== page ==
Giving Compass' Take:
- Matt Barnum reports that early data suggest that spring learning loss was not as significant as was feared, although the full extent of loss is still not clear.
- Learning loss will not be distributed equitably. What role are you prepared to take on in addressing learning loss, particularly in underserved communities?
- Find out what donors can do about learning loss.
What is Giving Compass?
We connect donors to learning resources and ways to support community-led solutions. Learn more about us.
How much learning did students really lose this spring?
This summer, education organizations offered fairly dire predictions: Thanks to widespread school closures, students would be starting the school year dramatically behind.
But newer data indicates those projections were overstated. Most students did begin this school year behind where they would have been in math, test results show. But students didn’t fall as far as some projections suggested they would, and there is not consistent evidence that low-income students or students of color fell substantially further behind their white and affluent peers.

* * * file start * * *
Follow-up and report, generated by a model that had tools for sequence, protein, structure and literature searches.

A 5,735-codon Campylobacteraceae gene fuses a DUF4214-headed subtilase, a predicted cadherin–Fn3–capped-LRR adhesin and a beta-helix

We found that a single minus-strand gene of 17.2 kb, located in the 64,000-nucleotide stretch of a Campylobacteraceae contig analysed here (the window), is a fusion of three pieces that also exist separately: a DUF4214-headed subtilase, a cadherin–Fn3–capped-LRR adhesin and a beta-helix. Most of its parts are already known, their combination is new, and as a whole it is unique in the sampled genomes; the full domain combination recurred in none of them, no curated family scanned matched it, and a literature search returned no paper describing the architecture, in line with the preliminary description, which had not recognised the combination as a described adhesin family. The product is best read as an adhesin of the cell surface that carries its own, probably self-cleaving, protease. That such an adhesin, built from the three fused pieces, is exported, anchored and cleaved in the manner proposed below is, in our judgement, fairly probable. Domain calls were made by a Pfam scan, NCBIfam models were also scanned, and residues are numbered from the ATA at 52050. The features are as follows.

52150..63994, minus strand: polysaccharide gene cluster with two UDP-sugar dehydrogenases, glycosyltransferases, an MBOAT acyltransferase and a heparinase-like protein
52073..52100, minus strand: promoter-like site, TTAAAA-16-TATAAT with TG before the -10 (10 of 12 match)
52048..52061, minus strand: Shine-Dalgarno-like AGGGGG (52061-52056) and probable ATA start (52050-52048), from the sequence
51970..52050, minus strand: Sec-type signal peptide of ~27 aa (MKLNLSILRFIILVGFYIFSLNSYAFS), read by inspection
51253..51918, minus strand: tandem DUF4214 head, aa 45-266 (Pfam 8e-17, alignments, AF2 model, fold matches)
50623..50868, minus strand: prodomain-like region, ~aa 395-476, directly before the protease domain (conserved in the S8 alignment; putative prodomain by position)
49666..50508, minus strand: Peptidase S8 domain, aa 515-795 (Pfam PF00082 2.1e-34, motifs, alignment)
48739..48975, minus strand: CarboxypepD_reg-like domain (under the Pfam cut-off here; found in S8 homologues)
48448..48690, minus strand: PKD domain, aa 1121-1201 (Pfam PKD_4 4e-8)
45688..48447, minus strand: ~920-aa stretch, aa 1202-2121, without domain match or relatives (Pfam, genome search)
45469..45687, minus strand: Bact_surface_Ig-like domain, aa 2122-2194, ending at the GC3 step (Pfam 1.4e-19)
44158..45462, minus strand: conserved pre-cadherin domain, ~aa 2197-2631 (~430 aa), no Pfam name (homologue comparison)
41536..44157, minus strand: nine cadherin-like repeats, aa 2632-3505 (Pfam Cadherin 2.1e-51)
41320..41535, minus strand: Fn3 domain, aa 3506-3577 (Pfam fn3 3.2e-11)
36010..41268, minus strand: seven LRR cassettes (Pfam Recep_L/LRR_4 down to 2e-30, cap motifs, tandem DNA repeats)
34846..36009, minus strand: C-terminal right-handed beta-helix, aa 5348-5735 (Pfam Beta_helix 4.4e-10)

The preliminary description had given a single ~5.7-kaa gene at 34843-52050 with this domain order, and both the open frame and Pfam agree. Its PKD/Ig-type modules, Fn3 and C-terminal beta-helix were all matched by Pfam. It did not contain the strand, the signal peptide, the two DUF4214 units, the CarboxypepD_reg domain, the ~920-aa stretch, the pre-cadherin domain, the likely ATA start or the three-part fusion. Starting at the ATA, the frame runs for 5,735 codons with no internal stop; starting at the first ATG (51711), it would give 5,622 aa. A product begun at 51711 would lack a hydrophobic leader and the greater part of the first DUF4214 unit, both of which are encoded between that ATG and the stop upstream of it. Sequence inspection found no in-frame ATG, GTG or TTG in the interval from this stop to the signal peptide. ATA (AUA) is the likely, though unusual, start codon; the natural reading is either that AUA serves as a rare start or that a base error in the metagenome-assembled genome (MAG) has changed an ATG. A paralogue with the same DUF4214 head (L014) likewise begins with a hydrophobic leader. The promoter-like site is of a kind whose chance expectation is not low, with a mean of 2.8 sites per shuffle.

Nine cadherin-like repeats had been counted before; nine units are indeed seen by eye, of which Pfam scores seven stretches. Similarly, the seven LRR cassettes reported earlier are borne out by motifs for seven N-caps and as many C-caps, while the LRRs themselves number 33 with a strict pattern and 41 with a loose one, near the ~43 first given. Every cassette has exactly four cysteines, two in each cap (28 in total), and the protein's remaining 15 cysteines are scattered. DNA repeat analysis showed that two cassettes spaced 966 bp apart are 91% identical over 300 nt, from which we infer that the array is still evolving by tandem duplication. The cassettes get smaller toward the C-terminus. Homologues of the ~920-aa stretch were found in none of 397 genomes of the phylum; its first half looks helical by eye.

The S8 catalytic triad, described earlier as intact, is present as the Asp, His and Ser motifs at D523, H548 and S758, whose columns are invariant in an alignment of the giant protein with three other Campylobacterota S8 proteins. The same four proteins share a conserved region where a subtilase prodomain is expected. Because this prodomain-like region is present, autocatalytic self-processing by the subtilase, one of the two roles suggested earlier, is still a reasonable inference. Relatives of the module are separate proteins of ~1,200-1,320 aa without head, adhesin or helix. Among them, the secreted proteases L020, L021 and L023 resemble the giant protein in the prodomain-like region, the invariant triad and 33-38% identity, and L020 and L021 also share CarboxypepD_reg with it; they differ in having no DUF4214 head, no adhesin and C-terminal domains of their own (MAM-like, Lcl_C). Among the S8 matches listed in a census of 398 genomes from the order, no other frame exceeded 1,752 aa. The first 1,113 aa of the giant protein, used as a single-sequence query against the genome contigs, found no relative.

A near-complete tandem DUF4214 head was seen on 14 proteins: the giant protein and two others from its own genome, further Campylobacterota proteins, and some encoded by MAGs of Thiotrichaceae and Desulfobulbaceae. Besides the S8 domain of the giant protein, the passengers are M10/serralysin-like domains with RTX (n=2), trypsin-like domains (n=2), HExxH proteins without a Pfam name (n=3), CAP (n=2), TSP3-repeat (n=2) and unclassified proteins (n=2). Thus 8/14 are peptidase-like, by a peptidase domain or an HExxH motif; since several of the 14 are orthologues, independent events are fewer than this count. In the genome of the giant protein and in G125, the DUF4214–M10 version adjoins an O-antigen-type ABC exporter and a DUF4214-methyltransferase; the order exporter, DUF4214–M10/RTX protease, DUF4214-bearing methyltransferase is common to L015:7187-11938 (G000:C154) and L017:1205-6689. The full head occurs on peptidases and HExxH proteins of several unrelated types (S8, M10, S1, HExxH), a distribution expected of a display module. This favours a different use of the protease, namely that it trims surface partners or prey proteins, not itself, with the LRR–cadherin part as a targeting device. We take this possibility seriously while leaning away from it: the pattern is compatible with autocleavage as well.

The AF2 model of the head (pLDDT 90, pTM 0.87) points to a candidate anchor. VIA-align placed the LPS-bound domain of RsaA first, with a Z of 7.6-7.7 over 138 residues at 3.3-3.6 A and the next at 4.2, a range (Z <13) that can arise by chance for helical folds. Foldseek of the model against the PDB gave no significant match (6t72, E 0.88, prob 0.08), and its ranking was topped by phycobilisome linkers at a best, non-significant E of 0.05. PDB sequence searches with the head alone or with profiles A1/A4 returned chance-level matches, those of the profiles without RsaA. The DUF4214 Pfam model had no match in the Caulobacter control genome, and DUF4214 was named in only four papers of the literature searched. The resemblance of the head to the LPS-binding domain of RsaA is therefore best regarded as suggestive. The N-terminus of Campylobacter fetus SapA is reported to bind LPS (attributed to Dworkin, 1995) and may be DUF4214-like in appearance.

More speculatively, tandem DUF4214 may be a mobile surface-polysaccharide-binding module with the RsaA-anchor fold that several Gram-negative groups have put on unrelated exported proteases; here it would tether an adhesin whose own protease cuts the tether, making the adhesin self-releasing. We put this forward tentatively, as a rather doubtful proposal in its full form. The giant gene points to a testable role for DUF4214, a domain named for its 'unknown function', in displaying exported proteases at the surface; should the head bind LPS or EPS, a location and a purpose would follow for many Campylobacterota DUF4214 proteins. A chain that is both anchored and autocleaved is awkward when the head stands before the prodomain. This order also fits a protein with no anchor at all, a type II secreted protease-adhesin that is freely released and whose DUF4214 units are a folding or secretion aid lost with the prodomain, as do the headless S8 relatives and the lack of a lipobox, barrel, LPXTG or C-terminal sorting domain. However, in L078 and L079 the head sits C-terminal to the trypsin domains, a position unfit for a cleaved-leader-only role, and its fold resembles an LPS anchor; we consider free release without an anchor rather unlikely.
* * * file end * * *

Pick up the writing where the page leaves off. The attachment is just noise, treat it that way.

“The loss is less than expected. But there is still a situation where we see kids not doing as well in mathematics, for sure,” said Chris Minnich, the head of NWEA, a nonprofit testing organization that released an analysis of new data Tuesday. “My headline is: better than expected, but it’s still a challenge for the country.”
That relatively good news comes with a significant asterisk. Fewer students than usual took the tests, and it’s possible that some of those “missing” students lost the most learning. The data also doesn’t tell us anything about learning during this school year, or about other kinds of harm done to students by the pandemic in the form of social isolation or failed courses.
But it is a first look at the academic effects of an unprecedented disruption in American schooling. And with the National Assessment of Educational Progress canceled this year — and state tests set to be difficult to pull off — it may be a while before there’s a more precise gauge of how the pandemic affected student achievement.
Read the full article about learning loss data by Matt Barnum at Chalkbeat.